Parents who discuss their own drug-use risk encouraging their children to experiment, researchers have warned. While previous studies have suggested that parents should be open about drug-use to make their children less likely to take drugs themselves, the study showed that the opposite is the case.
The report, published in the journal Human Communication Research, said that even when parents spoke about negative experiences, it increased the chances of their children also using drugs. However, children whose parents did not talk about drug-use but delivered a strong anti-drug message were more likely to exhibit anti-drug attitudes themselves.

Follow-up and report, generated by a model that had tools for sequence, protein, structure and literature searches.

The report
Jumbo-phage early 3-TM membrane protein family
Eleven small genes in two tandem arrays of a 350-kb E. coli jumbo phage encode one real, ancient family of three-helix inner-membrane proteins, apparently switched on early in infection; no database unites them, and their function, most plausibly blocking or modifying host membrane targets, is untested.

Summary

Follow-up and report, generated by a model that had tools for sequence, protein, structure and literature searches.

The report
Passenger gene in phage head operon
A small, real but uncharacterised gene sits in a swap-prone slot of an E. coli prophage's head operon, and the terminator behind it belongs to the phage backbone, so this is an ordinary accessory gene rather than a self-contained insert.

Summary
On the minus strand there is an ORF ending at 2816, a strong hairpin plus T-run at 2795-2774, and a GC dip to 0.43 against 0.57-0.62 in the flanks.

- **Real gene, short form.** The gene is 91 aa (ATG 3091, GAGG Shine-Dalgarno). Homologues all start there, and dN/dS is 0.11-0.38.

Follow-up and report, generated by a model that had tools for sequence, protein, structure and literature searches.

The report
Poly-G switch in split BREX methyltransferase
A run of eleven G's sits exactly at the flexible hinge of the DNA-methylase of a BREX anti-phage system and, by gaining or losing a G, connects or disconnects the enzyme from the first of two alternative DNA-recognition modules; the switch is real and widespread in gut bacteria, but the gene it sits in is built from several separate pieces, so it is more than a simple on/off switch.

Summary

Jennifer Kam, of the University of Illinois, based her findings on a study of more than 500 American high school pupils. The children were asked about conversations with their parents about alcohol, cigarettes and marijuana.
Dr Kam said: “Parents may want to reconsider whether they should talk to their children about times when they used substances in the past.”